That's why if you want to be an artist, you have to be dedicated. You have to put in the years of work before you get good. You can find quotes from artists in any discipline to the effect that you have to write a hundred songs before you begin to learn how to write a song; you have to paint or draw a hundred pictures before you really begin to understand how to draw or paint; you have to put in ten thousand hours of work before you can say you have begun to master something. Choreography is no different. I've fully choreographed 78 songs (and probably started and not-yet-completed that many again, plus I have about a dozen that I'm actively working to finish) and I'm only just starting to feel like it's coming naturally. This has been fully five years since I finished choreographing my first piece, and I was choreographing snippets of things in my head long before I ever finished that one.

That said, I would be remiss if I didn't note that I was taking ten hours of dance per week last calendar year, that I was practicing tap every day except Sundays through this past summer and again since January, that I've been watching a TON of tap dance on YouTube in my spare time, that I have a subscription to Operation: Tap's online lessons and those have been invaluable in jump-starting my practice sessions, that my tap teacher at the college this year pushed me hard (because I asked her to), that I've been clapping rhythms to almost literally every song I've heard I'm the part six months, playing with different patterns. A lot of groundwork has been laid in my foundational tap dance technique over the past year and that has gone a LONG way in allowing my choreographic voice freedom of expression.

The next step is to figure out what exactly it is that I want to express.

07 May 2017

Too Good To Be True

Written 24 January 2017, 12.55am.

A common observation by one of my college profs is that I 'fight' a lot. Not 'fight' as in 'make trouble/argue with people,' but 'fight' as in 'struggle.' Multiple profs in my program have noted that I'm stubborn and passive-aggressive. But it wasn't until Christmas break that I began to figure out why. Over the break, I was talking with a friend and somehow over the course of conversation the thought came to me: 'I'm scared it's too good to be true.'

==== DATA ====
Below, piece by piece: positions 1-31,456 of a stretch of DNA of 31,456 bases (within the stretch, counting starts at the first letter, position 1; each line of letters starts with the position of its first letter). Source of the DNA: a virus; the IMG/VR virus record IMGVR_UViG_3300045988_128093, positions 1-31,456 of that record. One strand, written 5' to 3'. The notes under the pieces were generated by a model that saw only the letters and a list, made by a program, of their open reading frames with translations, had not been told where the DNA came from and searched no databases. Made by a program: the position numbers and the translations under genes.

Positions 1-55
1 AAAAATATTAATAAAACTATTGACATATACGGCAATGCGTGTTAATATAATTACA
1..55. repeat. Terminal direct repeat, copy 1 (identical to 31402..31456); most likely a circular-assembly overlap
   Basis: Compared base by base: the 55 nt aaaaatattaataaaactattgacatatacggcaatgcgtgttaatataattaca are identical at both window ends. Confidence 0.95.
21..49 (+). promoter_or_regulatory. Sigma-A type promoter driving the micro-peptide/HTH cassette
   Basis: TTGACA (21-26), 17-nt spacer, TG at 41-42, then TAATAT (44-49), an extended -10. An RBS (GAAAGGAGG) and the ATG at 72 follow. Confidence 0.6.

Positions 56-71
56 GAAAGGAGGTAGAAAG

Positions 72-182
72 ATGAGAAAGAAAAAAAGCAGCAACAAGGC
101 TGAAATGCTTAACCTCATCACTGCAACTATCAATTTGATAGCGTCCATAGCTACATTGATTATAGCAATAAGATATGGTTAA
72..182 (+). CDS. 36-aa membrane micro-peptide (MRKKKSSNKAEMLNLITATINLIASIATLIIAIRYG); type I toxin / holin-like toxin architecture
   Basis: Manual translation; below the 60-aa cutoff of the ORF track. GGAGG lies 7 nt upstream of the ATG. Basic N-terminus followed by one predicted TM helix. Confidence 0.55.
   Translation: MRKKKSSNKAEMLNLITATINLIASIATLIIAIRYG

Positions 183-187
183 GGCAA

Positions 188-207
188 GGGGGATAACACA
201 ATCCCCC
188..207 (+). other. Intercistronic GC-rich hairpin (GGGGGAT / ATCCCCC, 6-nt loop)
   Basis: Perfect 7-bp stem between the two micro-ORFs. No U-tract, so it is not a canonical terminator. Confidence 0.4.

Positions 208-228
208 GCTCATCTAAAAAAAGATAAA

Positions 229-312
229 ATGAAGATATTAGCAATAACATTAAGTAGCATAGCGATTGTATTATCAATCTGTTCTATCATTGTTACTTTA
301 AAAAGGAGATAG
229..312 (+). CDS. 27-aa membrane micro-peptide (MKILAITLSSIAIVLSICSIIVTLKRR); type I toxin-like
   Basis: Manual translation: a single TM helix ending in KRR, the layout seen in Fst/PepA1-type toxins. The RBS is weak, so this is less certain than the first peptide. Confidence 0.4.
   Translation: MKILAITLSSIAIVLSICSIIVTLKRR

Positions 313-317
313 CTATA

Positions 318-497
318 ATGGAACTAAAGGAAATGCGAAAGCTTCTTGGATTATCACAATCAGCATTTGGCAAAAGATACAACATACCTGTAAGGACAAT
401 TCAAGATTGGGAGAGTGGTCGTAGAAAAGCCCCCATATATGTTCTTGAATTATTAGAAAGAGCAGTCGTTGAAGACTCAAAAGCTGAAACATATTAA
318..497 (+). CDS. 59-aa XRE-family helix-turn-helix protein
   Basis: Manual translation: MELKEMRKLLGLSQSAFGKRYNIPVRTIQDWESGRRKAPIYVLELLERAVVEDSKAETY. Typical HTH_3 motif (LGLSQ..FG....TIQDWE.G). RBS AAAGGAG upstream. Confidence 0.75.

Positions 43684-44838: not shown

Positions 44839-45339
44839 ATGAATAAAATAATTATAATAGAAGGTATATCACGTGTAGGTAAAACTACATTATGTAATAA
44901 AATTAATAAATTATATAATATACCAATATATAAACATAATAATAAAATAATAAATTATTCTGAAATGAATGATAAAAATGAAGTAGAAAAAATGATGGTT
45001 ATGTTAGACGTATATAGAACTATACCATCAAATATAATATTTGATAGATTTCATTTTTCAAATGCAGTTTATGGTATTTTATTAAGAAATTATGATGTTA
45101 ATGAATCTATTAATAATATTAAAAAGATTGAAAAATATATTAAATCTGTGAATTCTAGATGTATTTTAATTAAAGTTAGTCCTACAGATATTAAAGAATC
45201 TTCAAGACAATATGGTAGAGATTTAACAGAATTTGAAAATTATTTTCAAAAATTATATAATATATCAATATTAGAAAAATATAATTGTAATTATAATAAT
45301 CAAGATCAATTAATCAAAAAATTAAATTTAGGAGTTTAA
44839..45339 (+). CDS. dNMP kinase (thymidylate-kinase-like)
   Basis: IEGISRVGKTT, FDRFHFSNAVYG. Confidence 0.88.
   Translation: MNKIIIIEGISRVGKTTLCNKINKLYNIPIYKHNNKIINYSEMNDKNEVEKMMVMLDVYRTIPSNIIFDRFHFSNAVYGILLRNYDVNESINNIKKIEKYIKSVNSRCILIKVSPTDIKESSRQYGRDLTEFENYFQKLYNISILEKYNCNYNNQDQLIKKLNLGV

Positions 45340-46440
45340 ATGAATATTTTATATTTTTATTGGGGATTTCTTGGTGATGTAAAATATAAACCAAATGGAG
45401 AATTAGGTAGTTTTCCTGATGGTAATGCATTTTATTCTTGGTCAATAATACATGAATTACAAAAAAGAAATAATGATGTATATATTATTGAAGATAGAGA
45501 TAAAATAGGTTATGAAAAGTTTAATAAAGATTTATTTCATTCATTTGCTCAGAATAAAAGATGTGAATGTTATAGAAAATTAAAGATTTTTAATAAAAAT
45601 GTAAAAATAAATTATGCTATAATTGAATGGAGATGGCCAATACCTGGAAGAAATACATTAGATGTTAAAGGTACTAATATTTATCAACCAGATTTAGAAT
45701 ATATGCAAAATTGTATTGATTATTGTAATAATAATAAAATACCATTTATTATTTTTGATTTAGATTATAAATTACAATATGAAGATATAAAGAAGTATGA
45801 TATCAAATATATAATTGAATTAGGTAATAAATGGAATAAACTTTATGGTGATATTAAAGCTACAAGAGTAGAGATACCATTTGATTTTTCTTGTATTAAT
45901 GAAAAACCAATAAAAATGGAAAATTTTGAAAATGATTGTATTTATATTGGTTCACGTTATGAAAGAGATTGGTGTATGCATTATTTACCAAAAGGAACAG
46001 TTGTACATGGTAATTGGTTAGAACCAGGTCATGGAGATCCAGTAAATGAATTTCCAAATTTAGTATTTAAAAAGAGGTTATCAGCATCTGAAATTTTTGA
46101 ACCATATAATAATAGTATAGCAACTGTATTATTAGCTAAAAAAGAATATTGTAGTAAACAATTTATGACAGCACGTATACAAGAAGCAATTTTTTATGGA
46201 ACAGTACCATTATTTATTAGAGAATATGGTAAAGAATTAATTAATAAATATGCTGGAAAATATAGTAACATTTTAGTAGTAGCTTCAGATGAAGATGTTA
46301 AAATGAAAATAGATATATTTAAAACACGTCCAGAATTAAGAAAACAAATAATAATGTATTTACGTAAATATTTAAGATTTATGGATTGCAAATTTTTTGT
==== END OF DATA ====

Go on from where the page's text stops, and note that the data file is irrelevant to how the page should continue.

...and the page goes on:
I've loved music and dance all my life. The theatre has always drawn me. I've always loved stories. But I also grew up in a Baptist church, where the performing arts were Absolutely Forbidden (except hymn-singing and the annual Sunday School Christmas skit). Very early on my natural empathy for people (don't laugh) and my ability to memorise and understand the Bible (relative to my age) convinced people -- including myself -- that I would grow up to be a missionary.

I was okay with that -- excited, even. I loved hearing stories of other missionaries and I thought 'wouldn't it be so cool to be able to lead people to Jesus?' This was something on my radar well into my teen years, although I wasn't so pretentious as to decide exactly where I was going. I was content to wait on God for that.

In my mid-teens, performing made a resurgence in my life. It gained a further hold when I went to college and found myself almost accidentally swept into the musical theatre program. I loved every single second of it. I've made posts on this blog to that effect. But even as I was pursuing the performing arts and even as I was justifying my degree to my Christian acquaintances by saying, "The art world is so dark -- it's a mission field too," and even as I was telling myself I was training to be a more effective light in the darkness, I was scared. Not of the darkness -- there was so much of that around me I was more or less used to it. Rather, I was scared that at any moment God would snatch the performing arts -- my deepest love and often my only solace -- away from me, plop me into a 9-to-5 office job, and forget about me.